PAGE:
The Boxgrove Manual is a work of learned ritual magic that synthesizes material from Henry Cornelius Agrippa, the Fourth Book of Occult Philosophy, Heptameron, and various medieval conjuring works. The Antiphoner Notebook concerns the common magic of treasure hunting, healing, and protection, blending medieval conjuring and charm literature with materials drawn from Reginald Scot’s famous anti-magic work, Discoverie of Witchcraft. Klaassen painstakingly traces how the scribes who created these two manuscripts adapted and transformed their original sources. In so doing, he demonstrates the varied and subtle ways in which the Renaissance, the Reformation, new currents in science, the birth of printing, and vernacularization changed the practice of magic.
Illuminating the processes by which two sixteenth-century English scribes went about making a book of magic, this volume provides insight into the wider intellectual culture surrounding the practice of magic in the early modern period.
Now fully integrated with Brian Levack’s The Witchcraft Sourcebook, there are links to the sourcebook throughout the text, pointing students towards key primary sources to aid them in their studies. The two books are drawn together on a new companion website with supplementary materials for those wishing to advance their studies, including an extensive guide to further reading, a chronology of the history of witchcraft and an interactive map to show the geographical spread of witch-hunts and witch trials across Europe and North America.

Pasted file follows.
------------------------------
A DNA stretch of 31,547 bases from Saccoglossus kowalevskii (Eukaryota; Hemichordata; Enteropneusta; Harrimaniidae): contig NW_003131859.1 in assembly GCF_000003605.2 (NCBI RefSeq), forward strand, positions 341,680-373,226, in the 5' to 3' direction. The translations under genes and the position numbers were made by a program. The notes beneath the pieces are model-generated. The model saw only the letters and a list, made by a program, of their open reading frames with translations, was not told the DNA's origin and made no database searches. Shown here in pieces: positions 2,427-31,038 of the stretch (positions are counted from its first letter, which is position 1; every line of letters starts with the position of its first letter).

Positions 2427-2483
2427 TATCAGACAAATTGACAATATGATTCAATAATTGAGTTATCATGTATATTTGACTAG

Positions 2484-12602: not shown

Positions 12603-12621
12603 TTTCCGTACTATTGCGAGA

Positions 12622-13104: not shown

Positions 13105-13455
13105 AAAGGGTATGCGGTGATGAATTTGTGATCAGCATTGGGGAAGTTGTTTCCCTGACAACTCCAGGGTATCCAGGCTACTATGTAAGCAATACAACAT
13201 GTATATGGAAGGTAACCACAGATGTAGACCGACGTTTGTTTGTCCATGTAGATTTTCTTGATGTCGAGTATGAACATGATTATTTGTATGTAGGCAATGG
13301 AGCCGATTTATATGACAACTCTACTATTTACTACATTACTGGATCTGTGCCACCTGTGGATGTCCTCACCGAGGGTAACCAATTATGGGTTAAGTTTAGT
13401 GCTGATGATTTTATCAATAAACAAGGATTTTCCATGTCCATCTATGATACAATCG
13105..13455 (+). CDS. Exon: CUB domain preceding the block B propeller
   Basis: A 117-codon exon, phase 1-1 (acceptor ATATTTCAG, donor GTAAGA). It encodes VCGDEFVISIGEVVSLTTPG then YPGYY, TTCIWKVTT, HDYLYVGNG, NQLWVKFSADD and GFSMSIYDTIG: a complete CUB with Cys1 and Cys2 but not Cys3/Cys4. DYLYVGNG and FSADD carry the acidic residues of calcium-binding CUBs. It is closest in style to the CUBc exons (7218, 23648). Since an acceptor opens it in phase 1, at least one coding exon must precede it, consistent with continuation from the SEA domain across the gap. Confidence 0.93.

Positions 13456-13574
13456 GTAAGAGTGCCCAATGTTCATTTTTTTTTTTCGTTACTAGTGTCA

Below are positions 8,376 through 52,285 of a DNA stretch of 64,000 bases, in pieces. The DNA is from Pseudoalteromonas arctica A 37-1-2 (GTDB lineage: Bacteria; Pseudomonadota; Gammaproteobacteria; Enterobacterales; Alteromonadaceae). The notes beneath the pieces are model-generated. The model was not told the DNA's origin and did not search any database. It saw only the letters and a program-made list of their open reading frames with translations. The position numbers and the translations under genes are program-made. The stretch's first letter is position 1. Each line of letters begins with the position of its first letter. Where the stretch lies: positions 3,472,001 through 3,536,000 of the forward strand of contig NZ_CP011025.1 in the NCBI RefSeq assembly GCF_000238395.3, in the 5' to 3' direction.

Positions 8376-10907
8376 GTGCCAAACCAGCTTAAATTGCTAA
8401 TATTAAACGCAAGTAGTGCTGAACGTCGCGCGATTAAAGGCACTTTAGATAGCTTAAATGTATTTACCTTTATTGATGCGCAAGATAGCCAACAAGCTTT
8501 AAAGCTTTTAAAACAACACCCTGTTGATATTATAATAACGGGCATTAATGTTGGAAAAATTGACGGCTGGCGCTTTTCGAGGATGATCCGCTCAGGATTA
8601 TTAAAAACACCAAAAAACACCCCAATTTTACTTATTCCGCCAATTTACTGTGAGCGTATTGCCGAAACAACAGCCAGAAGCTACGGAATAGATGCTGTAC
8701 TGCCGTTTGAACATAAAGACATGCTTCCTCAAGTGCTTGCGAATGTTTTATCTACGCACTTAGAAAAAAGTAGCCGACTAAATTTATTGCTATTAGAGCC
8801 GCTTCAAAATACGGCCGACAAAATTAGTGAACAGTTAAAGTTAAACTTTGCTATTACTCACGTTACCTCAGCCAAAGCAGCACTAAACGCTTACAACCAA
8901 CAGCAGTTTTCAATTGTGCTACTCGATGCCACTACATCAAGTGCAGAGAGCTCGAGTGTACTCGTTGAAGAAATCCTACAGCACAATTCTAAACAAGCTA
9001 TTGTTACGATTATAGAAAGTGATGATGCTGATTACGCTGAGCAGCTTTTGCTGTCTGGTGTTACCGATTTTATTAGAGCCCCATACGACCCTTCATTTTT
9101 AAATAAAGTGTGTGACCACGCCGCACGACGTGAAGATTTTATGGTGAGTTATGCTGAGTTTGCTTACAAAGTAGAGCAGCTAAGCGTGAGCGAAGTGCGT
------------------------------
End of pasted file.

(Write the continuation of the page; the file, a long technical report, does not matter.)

A long-standing favourite with students and lecturers alike, this new edition of The Witch-Hunt in Early Modern Europe will be essential reading for those embarking on or looking to advance their studies of the history of witchcraft
'The English historian Keith Thomas has revealed modes of thought and ways of life deeply strange to us' Hilary Mantel, New York Review of Books
'A treasury of unusual historical anecdote ... a delight to read and a pleasure to own' Auberon Waugh, Sunday Telegraph
'A dense and rich work ... the return to the grass roots of our own environmental convictions is made by the most enchantingly minor paths' Ronald Blythe, Guardian